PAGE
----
Q. I know that it’s normal for adolescents to reject their parents to some degree but my son (11) has been coming out with some very explicit insults about me. After school today, when I only said, “Hello”, he replied “You’re so annoying.” I said that I felt it was an unkind thing to say (he has said it a number of times lately) and he said, “Well it’s true, you do annoy me – a lot.” The previous time I said, “What is it about me that annoys you?” and prior to that had let it pass. I can brush it off and not take it personally a few times but when it’s repeated, it’s hard not to feel angry and hurt. Other times he wants to tell me things and is physically affectionate. I don’t expect a growing young person to hang out with Mum, but I give him the best of my care and kindness and all he feels is “annoyed”? It’s not that he says it that I have a problem with – it’s that he feels it. Please help with how to interpret and respond to this.
A. I had the worst year ever with my daughter when she was 11. She was my button-pusher and I learned so much from parenting her. At 11, her brother went away to school, and she hated being the only one, feeling like she was being watched all the time. She threw a lot of nasty barbs my way, which I didn’t always duck from (but should have). So, I know the hurt you are feeling. I wish I knew then what I know now.
At the times when You’re so annoying is tossed off to you without much emotion attached, try to respond with lightness. God, I know, right? It must be so infuriating to have such an annoying mother. Guess what I did today that was so annoying? This is only effective when your child is not angry and are not signaling something he needs from you right now. Only you can judge these times. If you are fairly sure you will get an eye-roll or a grunt rather than heightened anger at your sarcasm, go for it. This of course requires that you do not take it personally—which is why it can be effective. The more you react to the barbs, the more your son knows how effective they are. He then uses them as a power move. But when they bounce off, he will eventually use a different tactic.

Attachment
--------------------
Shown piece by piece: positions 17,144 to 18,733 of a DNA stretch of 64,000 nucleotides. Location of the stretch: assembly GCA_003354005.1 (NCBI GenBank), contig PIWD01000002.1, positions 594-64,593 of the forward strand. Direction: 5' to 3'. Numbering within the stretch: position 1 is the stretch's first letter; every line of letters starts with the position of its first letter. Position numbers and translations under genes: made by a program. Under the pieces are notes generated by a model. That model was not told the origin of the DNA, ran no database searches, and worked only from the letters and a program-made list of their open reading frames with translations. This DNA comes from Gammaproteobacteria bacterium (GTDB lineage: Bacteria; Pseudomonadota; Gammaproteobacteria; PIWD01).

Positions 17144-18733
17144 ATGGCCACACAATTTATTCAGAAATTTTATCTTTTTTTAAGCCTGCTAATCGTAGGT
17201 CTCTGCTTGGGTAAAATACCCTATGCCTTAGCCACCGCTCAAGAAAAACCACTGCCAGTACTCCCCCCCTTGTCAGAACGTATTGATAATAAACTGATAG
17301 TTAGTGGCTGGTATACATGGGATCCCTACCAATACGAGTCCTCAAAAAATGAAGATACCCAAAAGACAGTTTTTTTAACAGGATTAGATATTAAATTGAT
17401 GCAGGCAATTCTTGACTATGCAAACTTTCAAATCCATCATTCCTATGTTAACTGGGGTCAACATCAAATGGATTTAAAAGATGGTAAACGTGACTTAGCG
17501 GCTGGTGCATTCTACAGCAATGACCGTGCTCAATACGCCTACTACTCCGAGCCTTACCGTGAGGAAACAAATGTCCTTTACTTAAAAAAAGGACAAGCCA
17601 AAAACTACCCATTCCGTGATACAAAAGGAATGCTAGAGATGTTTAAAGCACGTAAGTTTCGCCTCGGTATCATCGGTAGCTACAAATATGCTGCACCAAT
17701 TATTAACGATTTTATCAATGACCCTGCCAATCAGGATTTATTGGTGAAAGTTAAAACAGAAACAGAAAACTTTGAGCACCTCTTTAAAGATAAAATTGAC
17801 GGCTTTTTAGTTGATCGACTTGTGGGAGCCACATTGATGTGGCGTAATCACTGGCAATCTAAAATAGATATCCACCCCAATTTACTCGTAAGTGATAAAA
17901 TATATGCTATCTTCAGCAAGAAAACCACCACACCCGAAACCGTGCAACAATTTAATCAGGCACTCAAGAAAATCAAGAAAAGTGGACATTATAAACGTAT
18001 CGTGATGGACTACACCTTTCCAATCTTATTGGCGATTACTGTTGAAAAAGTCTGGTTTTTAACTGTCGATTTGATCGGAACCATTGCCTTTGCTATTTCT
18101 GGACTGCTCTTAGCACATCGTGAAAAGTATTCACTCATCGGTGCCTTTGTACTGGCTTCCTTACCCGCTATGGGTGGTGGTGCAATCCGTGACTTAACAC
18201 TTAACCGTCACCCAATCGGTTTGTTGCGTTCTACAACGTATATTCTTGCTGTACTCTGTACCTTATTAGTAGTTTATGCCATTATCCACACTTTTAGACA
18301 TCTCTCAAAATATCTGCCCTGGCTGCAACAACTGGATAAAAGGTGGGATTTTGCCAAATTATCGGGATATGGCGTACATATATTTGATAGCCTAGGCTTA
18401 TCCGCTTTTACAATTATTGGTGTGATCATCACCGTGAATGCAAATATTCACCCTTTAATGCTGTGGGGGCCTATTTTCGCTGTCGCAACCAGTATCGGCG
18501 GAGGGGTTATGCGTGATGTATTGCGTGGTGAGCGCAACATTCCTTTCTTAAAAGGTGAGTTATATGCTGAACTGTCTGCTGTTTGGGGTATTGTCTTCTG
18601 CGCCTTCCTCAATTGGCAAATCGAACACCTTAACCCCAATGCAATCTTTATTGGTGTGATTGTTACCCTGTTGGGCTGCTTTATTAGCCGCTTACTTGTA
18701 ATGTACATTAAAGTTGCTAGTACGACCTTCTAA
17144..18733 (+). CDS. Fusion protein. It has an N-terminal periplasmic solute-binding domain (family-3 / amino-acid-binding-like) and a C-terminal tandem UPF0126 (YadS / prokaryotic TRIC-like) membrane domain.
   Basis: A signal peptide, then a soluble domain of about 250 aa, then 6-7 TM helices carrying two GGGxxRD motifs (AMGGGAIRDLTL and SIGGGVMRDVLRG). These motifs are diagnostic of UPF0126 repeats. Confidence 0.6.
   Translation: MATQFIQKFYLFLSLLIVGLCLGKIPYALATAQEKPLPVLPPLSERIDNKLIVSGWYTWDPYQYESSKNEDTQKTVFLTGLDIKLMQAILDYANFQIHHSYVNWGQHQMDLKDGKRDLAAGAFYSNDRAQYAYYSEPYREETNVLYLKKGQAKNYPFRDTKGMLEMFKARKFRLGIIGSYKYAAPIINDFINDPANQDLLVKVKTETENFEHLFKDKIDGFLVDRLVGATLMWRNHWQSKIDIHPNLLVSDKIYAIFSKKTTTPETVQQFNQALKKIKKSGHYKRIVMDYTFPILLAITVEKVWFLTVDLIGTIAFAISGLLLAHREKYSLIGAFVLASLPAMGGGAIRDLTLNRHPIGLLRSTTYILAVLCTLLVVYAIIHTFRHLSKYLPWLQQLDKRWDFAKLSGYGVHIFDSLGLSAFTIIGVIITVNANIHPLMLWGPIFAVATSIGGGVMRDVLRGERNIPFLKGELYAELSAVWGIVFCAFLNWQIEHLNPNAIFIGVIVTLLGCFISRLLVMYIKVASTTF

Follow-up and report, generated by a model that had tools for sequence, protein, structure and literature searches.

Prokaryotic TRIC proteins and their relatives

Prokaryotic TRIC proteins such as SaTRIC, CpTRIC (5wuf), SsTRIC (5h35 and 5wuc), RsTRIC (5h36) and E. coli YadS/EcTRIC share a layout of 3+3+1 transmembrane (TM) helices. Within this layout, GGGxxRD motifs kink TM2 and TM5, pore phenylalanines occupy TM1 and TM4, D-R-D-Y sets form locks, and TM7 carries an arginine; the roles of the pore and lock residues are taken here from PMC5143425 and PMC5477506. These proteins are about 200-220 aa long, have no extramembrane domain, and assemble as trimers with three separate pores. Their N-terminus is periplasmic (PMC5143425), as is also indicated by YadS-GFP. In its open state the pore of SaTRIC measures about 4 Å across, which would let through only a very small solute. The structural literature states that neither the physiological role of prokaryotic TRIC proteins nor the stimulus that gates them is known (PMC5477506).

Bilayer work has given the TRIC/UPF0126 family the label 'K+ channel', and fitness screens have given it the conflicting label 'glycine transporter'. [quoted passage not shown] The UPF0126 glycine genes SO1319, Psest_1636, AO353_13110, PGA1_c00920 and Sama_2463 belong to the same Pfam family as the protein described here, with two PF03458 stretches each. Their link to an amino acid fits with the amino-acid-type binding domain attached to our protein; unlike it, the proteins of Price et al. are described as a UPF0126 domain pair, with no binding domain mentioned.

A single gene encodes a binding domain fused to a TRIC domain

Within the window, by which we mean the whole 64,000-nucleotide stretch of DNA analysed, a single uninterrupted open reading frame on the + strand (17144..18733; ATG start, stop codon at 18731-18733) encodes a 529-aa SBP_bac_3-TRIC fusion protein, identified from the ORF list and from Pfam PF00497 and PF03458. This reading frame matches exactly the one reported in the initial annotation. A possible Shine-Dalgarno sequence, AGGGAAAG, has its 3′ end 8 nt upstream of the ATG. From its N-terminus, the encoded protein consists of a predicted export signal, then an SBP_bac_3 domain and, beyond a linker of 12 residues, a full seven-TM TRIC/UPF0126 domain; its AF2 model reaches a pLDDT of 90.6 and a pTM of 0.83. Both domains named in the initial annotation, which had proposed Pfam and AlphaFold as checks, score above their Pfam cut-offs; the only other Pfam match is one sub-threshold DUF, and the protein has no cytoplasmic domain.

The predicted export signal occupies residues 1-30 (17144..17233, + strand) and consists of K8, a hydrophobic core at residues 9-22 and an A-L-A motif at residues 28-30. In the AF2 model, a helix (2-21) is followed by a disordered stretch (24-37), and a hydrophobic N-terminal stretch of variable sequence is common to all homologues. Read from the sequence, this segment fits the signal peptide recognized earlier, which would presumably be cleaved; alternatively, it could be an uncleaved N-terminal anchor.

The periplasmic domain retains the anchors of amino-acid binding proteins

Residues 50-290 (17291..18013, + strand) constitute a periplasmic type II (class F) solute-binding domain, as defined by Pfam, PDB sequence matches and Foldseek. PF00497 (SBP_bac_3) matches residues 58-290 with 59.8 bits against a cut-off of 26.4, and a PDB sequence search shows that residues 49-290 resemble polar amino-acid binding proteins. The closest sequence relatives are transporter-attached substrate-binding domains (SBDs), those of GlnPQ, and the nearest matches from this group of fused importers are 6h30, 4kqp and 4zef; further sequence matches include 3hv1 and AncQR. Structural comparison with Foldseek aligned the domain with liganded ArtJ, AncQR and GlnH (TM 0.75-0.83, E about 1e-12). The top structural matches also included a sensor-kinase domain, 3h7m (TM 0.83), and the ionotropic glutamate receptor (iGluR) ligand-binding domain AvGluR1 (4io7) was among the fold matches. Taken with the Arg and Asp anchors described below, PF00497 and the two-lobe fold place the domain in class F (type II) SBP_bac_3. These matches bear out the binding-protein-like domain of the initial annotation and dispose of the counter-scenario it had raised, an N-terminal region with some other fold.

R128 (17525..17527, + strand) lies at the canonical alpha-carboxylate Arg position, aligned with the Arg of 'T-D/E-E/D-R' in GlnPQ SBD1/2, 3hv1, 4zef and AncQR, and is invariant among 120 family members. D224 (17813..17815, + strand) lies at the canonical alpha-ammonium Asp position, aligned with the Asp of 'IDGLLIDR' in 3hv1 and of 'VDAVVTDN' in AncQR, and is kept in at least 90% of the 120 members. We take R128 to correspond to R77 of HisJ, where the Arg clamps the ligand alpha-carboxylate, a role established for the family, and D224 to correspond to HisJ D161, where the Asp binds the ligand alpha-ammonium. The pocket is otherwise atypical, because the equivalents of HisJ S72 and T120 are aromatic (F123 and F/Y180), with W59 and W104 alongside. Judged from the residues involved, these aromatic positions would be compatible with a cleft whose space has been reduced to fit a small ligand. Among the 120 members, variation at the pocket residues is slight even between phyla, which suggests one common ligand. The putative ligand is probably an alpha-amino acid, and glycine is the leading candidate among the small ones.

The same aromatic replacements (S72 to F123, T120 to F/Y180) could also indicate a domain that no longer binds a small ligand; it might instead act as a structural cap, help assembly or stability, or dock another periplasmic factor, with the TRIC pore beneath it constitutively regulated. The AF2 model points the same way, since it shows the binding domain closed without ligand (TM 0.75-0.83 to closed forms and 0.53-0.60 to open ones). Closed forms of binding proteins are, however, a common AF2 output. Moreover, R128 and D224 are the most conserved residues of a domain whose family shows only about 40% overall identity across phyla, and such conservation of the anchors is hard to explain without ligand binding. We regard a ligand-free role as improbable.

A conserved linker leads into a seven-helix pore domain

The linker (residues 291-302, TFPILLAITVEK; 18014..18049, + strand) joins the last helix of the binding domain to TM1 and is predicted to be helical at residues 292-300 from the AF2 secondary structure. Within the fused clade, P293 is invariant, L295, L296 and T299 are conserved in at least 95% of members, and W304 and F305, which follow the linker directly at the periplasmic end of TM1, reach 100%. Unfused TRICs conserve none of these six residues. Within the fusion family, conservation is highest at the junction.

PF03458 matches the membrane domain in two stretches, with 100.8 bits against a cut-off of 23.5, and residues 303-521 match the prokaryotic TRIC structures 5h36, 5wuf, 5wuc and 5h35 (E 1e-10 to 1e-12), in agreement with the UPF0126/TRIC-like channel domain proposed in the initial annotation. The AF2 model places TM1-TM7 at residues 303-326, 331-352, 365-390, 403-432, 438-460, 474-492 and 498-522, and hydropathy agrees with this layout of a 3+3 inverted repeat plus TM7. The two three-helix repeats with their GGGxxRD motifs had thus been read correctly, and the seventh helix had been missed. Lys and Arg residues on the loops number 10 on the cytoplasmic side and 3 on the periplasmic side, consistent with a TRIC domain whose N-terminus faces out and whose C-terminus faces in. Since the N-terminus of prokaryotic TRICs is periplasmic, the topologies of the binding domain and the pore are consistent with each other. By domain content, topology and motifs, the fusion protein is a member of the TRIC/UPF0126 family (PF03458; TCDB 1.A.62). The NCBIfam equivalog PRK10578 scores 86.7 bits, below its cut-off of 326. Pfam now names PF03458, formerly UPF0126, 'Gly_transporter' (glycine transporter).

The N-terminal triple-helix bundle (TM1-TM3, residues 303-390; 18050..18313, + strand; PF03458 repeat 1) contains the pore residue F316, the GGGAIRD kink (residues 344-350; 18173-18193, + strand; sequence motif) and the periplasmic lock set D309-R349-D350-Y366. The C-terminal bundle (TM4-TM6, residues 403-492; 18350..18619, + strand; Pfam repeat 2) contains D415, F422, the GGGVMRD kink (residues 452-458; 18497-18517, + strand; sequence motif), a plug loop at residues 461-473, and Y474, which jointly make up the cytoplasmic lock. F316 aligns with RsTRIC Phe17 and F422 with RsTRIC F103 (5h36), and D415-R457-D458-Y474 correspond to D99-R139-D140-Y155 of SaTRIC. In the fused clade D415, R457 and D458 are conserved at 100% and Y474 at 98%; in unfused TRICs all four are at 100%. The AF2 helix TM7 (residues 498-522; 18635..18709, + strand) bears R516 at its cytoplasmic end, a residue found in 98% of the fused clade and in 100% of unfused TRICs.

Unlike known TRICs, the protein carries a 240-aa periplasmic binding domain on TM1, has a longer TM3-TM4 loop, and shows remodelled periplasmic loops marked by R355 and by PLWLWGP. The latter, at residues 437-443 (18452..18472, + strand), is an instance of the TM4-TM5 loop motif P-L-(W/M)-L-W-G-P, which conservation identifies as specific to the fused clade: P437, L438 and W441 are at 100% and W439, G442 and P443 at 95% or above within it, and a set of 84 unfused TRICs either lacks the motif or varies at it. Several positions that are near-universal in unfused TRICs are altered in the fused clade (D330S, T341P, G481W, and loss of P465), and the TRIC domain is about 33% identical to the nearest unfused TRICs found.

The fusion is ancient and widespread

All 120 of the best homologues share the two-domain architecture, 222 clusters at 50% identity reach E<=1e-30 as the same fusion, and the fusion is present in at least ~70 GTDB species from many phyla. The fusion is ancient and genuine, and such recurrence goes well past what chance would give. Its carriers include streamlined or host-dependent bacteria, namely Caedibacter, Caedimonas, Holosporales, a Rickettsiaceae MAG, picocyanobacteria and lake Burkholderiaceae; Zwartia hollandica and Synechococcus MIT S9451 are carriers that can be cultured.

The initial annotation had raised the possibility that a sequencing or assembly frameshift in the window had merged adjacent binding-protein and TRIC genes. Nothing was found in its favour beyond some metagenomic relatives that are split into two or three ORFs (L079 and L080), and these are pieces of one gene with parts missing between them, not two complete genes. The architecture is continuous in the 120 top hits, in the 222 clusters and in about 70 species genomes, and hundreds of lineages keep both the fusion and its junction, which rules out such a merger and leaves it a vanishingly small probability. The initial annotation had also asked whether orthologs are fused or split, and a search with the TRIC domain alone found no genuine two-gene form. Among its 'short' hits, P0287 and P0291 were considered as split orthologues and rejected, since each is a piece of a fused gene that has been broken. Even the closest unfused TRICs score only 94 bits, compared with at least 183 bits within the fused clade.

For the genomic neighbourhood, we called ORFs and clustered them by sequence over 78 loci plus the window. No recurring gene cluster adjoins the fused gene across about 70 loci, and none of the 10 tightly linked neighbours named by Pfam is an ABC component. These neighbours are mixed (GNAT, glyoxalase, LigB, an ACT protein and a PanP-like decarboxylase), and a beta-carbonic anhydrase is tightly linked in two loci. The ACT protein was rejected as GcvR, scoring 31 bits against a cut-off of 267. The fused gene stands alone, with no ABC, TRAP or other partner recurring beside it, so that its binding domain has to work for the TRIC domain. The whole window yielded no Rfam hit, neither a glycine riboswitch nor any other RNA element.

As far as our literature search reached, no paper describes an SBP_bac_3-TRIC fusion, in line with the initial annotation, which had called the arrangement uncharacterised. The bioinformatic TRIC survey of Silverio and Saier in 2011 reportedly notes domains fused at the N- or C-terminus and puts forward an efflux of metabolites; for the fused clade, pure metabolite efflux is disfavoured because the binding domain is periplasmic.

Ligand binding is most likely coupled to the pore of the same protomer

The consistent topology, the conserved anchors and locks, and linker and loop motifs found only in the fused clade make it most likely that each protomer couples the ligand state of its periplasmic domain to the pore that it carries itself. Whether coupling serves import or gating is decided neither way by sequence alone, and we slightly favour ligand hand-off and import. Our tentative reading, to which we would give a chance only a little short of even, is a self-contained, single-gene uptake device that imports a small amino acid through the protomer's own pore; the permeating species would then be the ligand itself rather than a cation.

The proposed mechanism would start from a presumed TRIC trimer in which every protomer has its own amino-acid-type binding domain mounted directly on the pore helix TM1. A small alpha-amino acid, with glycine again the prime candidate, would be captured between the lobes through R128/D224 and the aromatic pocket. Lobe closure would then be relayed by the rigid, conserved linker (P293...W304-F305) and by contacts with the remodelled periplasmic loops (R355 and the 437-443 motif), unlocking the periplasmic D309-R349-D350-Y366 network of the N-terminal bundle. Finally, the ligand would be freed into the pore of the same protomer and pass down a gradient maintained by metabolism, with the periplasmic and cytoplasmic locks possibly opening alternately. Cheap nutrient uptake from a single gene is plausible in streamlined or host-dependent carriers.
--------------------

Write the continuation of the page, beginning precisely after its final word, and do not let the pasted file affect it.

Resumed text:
Other times when you’re not sure where he’s coming from, use what you have in the past, “I’m wondering what seems annoying to you right now.”
But when those barbs come on strong—and only you will know when that is—do not simply take it and build resentment and anger. When they feel directed at you in anger, tell him—as neutrally as you can—that you do not like to be spoken to/insulted that way, and you will be in the other room when he is ready to tell you what he wants. Then go there. You can also add, “This attitude is not like you. Anytime you feel like talking about whatever is going on, I am here to listen.”
When he has thrown insults your way and soon after wants something from you (getting him something, taking him somewhere), you can say, “You know, I am still feeling bad about the way you spoke to me. It just doesn’t feel right to me to then do something for you. You can try asking me later.” Don’t ask for an apology, but a statement like this may very well bring one on. At which point you might say, “I appreciate that and what could you do next time that is less offensive to me?” This is what I consider natural consequences for being treated unkindly or disrespectfully by a child.
If you take away a privilege, ground him, or yell at him, you are using power over him (tit-for-tat), and it only fuels his anger toward you. You will start to hear a lot worse that ‘annoying’ in his barbs.
It’s all about your perspective. The more you think the words and/or your son are bad /disrespectful you will head toward yelling and threatening. If you understand that either this is his eleven-year-old way of telling you he is after as much independence as he can get or this is the only way he knows right now of telling you he’s angry about something, you will approach him from a more understanding and objective viewpoint—and the barbs won’t penetrate.
Try replacing the word “annoying” with “embarrassing” in your head. I imagine he is feeling his oats and wanting his independence. But in the meantime, mom’s presence may be embarrassing because you are a constant reminder of his dependence on you. You may never understand what it’s about, but knowing his words are not so much about you as they are about him can help you duck.
And of course, be sure and ask yourself, Have I said or done anything that has been unkind/disrespectful/insulting to him? If you’re not sure, ask him, pay attention and be impeccable with your word and deed before even a natural consequence. Also ask yourself if you have been nagging or hovering a bit more than usual. Are you getting nervous about the upcoming teen years and inadvertently pulling in the reins a bit? Perhaps he needs a bit more freedom in some area, so he can feel a little more responsible for himself.